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“This spring, on the first day of a four-day trip to France, my son and I planned to visit Versailles, the famed château where Marie Antoinette and Louis XVI spent some of their last untroubled days at court. On arrival, I took a look at the town’s tourism website, which featured, at the top, a large black bar with bright yellow text, clearly designed to indicate warning. “Flash Info,” it read.
I quickly scanned the text for any French word that might translate to “tornado.” But Versailles was not expecting an earthquake or blizzardnado. It was expecting “une affluence importante” — serious crowds, for Easter weekend. When Versailles, one of the most frequented tourist sites in the world, tells its visitors to expect serious crowds, it’s a bit like having the Sahara tell you to expect especially strong sun: Attention must be paid. The recommendation from the tourism office? Skip the château and visit the park outside the main attraction instead.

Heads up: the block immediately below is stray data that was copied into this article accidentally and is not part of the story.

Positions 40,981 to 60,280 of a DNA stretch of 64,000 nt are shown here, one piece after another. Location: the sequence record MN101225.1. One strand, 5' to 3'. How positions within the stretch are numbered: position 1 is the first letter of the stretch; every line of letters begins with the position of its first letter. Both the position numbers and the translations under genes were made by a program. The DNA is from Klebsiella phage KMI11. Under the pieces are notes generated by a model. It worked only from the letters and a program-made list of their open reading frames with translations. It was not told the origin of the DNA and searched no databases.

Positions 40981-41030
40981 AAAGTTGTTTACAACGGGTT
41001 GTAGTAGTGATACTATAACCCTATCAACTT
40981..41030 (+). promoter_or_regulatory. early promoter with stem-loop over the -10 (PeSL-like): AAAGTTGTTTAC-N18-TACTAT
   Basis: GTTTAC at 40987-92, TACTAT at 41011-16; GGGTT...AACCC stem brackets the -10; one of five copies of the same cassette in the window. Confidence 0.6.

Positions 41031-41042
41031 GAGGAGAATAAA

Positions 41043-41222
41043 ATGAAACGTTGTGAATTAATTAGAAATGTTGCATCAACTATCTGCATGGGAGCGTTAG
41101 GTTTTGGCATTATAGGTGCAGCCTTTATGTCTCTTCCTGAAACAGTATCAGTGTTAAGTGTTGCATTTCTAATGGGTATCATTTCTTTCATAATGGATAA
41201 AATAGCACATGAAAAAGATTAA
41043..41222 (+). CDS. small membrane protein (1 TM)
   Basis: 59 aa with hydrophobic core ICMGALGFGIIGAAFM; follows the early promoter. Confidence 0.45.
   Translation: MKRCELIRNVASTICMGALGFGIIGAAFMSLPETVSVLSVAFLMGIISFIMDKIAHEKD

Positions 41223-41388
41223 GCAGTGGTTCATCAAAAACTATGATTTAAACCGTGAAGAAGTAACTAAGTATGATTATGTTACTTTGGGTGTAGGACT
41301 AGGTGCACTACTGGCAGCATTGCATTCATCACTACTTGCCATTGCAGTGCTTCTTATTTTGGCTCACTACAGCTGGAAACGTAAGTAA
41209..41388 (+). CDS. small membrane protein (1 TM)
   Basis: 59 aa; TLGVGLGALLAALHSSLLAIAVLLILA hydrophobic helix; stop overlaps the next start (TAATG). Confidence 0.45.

Skip the château? Who goes to Versailles, and skips the palace, especially with a 12-year-old boy who studies French in tow? Surely, I would be reprimanded by someone, although it was unclear who — the pedagogy police?
En route, Leo and I had already caught a glimpse of those crowds, a mob swarming in the distance in front of the glittering palace. Our fate seemed sealed: the blood-thickening slow march on a creeping ticket line, then a slow march through a historic and fascinating but also airless and crowded building, an excursion that would leave us exhausted and pale and in need of a nap.”
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